power inverter installation

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Artstang

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???I just bought a power inverter 3000w cont./6000 surge (MAXX SST). Got it hooked up from a 12v power, but I don't know whether to connect it to the coach transfer switch or to the main panel. Any suggestion is appreciated. I understand it can power the TV, Microwave or A/C. Thanks Art
 

King

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Vector manufacturing, who makes inverters, recommends #4/0 cable.  It must be connected directly to the battery bank.  Remember, the 6000 W surge requires 500 Amps (2 to 3 times what a car starter draws).  Car starter cables usually are #4 or #2.
 

John From Detroit

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I will second that connect direct to the battery bank and with the shortest and most direct cable possible.  At 1000 watt the inverter is drawing approximately 100 amps, and even a fraction of an ohm resistance at that current means a BIG voltage drop to the inverter (.1 ohm just a tenth, would drop it 10 volts and disable the inverter)

So invest in good cables with well crimped ends
 

Tom

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If I read your question correctly, you're asking about the AC wires to/from the inverter. You should make the AC connection between the transfer switch and the power distribution panel.

In addition to the suggestions to use large gauge wire from the batteriy, you need a fuse between the battery and the inverter.

A more detailed explanation is available in our library. Click the Library button above, select Tech topics and click Installing an inverter.
 

Gary RV_Wizard

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Got it hooked up from a 12v power, but I don't know whether to connect it to the coach transfer switch or to the main panel.

The inverter output could go to either place, but if you do you must observe some very critical rules of use. It is imperative that you never allow inverter power to be on and supplying power at the same time that either the generator or shore power is also suppling power to the same circuits. Failure to do so will almost surely result in major damage to inverter, the devices on those circuits, and possibly even the generator and/or shore power wiring. Connecting the inverter directly to the load panel or transfer switch makes it easy to make a mistake and the results will almost surely be costly. As a minimum, install a switch (50A, double pole, double throw variety) so that simultaneous power can never happen.  Wire the center termoinals of the switch to the main panel feed. Wire the inverter output to one side and the wire from the shore/genset transfer switch to the other. That way the switch controls the power source to the main panel and you can never have multiple sources live simultaneously.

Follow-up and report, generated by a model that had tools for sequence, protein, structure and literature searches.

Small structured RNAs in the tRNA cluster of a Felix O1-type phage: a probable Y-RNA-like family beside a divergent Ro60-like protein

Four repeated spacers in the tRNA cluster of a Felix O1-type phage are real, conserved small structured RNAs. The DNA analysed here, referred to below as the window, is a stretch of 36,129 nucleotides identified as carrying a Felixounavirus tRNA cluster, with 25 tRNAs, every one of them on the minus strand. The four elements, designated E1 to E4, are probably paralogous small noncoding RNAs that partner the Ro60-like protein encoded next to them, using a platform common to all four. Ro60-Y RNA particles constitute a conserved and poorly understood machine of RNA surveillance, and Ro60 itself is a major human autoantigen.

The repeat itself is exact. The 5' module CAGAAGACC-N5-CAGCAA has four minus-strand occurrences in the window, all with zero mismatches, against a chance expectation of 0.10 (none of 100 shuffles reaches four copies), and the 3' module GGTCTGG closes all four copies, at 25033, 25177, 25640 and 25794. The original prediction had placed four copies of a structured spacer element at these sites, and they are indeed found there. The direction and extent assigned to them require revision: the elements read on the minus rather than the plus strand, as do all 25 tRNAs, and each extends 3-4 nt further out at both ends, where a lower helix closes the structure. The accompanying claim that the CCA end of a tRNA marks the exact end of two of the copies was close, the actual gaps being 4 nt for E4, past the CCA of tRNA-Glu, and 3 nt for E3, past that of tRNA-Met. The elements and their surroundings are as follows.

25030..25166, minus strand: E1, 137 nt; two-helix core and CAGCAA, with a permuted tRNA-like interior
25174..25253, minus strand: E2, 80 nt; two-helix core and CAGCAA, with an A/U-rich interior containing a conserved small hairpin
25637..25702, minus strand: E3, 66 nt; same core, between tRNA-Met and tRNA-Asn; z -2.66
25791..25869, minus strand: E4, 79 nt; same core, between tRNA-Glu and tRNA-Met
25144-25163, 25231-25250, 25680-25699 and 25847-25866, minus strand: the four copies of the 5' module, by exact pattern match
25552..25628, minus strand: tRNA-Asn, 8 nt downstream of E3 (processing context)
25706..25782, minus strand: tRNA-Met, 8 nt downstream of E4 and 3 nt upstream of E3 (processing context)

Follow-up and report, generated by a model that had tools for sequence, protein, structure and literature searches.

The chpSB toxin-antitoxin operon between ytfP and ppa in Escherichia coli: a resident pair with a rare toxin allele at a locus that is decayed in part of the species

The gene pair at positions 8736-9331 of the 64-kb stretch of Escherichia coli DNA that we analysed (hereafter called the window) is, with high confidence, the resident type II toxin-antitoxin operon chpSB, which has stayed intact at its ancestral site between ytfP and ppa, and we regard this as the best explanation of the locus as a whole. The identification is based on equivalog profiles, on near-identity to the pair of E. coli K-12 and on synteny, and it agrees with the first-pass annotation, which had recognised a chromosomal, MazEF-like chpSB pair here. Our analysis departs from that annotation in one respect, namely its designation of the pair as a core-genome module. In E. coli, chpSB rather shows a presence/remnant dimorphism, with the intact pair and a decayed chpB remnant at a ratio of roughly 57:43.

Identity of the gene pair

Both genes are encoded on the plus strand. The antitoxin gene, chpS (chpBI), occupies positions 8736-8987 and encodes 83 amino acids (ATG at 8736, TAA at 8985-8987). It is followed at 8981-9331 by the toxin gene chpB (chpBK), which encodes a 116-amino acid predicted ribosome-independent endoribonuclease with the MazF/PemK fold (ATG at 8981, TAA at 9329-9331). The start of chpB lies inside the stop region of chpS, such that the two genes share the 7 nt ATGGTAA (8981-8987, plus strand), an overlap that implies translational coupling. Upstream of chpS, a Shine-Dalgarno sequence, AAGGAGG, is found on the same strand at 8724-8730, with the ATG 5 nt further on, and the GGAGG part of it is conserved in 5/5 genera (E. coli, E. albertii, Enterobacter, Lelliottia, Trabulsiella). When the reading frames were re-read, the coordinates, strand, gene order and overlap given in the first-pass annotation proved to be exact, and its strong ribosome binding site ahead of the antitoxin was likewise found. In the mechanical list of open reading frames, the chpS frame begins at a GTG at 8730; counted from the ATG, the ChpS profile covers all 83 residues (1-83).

Doing it this way, be sure that you  turn off loads you do not want to run on the inverter. As a minimum, make sure the a/c units are off - you don't have enough batteries to supply inverter power for them. I also suggest making sure the refrigerator is locked on to LPG mode and the water heater is also in LPG mode rather than electric. Most everything else should run OK on the inverter, though a large microwave will drain the batteries in a very short time as well.

How many batteries do you have? Many people do not realize how much 12 volt DC power is needed to provide even a modest amount of 120 volt AC.  Every 100 watts of AC load will draw 8-9 amps from a 12 volt battery, so a typical  85-100 amp-hour battery doesn't last too long if you run large loads for very long.
 

Tom

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Art,

I just looked at the Vector MAXX SST online. Is this the inverter you have? If so, it doesn't appear to be intended for permanent installation; More for plugging stuff into.
 

Artstang

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:)Thanks for all your responses and suggestions. The inverter in question is a Vector MAXX SST 3000W which is mounted less than 3' from the batteries (2- 6 volt series) with #2 battery cables. The front panel of the inverter has 3-115v receptacles and a terminal for direct connection or hard wire to 115v source. The intent is to power only two TVs, DVD and occasional microwaving which is 900W. I understand the batteries will not last long if A/C (13,500 BTU) is used. I like the idea of providing a 50amp DPDT switch to isolate any simultaneous power. Thanks a bunch....Art
 

Gary RV_Wizard

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Your 900 watt microwave generates 900W of cooking power. It will actually draw more like 1500 watts to do so. Check its rating plate.

A pair of 6V golf cart batteries has a capacity of 220 amp-hours when new and fully charged. Somewhat less after a year of use. That rating is based on a 20-25 amp rate of consumption - it will be less if the amp rate is higher, which it definitely will be when running the inverter with any load over 400 watts.  The load the 900W microwave will put on the inverter will most likely quickly drop the battery voltage below the inverter's minimum voltage threshold, which is typically somewhere in the 11.0-11.5 volt range. It will shut itself off if that happens.

Don't even think about running the a/c.
 
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